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Transcript of MADDIE LANDIS
On this day in 1917, Germany projected the start of unrestricted submarine warfare in the Atlantic as German torpedo-armed submarines prepare to attack any and all ships, including civilian passenger carriers, said to be seen in war-zone waters.
In early May 1915, several New York newspapers published a warning by the German embassy in Washington that Americans traveling on British or Allied ships in war zones did so at their own risk. The announcement was placed on the same page as an advertisement for the imminent sailing of the British-owned Lusitania ocean liner from New York to Liverpool. On May 7, the Lusitania was torpedoed without warning just off the coast of Ireland. Of the 1,959 passengers, 1,198 were killed, including 128 Americans
Wilson subsequently sent a strongly worded note to the German government—the first of three similar communications—demanding that it cease submarine warfare against unarmed merchant ships. Wilson’s actions On the afternoon of May 7, 1915, the British ocean liner Lusitania is torpedoed without warning by a German submarine off the south coast of Ireland
The state seemed an unusual target; they had short coastline, shallow waters, and several military bases nearby. But it also had prime targets that were poorly protected. Antisubmarine patrols were uncoordinated, and many coastal communities ignored blackout orders.
The Germans’ most formidable naval weapon was the U-boat, a submarine far more sophisticated than those built by other nations at the time. The typical U-boat was 214 feet long, carried 35 men and 12 torpedoes, and could travel underwater for two hours at a time. In the first few years of World War I, the U-boats took a terrible toll on Allied shipping.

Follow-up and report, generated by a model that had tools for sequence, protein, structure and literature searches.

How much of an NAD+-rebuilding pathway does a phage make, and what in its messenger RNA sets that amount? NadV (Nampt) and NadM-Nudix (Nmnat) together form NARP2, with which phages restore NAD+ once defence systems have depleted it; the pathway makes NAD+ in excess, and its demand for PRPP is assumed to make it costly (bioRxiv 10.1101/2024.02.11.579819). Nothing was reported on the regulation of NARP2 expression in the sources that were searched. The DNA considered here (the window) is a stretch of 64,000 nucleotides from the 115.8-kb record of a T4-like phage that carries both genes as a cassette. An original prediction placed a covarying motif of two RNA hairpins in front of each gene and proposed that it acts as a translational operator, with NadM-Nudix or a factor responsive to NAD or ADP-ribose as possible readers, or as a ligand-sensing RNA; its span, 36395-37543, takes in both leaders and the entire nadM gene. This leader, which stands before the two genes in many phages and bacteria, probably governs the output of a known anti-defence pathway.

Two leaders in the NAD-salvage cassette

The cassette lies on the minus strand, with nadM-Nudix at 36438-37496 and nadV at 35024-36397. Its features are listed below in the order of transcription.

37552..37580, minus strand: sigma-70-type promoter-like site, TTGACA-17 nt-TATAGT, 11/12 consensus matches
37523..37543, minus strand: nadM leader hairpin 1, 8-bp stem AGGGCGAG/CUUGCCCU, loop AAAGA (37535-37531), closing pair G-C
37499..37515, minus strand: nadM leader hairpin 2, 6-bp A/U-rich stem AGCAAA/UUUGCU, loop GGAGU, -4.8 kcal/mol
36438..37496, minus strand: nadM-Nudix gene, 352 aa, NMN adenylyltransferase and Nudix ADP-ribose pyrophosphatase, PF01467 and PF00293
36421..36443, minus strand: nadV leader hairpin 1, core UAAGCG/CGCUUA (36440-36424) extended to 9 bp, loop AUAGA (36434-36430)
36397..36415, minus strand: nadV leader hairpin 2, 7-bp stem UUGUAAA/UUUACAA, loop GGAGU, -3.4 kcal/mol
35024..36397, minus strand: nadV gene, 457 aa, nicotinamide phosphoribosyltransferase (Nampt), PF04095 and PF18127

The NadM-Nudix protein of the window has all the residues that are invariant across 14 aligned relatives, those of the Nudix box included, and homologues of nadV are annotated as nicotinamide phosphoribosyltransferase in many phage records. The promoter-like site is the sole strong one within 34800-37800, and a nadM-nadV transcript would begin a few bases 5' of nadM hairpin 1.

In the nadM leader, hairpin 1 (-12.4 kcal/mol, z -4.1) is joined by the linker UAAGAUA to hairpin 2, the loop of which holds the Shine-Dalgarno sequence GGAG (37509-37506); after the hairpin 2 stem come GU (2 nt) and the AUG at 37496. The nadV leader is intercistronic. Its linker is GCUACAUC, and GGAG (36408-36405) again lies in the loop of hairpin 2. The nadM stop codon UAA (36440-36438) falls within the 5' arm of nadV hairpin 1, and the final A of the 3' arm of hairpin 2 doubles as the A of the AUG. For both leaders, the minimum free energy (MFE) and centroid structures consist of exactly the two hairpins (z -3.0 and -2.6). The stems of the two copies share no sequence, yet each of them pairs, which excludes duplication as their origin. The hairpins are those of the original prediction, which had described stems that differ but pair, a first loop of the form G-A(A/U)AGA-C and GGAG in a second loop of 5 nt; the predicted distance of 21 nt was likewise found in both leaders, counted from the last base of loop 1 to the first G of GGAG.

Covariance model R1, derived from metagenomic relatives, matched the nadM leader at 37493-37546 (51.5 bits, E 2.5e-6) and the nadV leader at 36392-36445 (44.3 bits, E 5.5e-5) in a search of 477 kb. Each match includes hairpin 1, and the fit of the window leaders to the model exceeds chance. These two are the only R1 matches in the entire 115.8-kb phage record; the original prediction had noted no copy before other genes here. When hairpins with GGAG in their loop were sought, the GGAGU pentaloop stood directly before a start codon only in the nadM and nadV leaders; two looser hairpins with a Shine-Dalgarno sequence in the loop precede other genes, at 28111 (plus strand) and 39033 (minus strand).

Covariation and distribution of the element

Faced with the overpowering size and strength of the British Royal Navy at the outset of World War I, Germany saw that its most effective weapon at sea was its deadly accurate U-boat submarine. Consequently, in February 1915, the German navy took in a policy of unrestricted submarine warfare, declaring the area around the British Isles a war zone, in which all merchant ships, including those from neutral countries, would be subject to attack.
Georgia reacted: Georgia's coastal defenses grew so forbidding that enemy submarines never again wished to come within sight of land. During the summer of 1943, two more American tankers were sunk approximately 150 miles east of Brunswick. But by then the tide of war had turned against the U-boats. The hunters became the hunted, and the German U-boat threat in Georgia waters ended for good.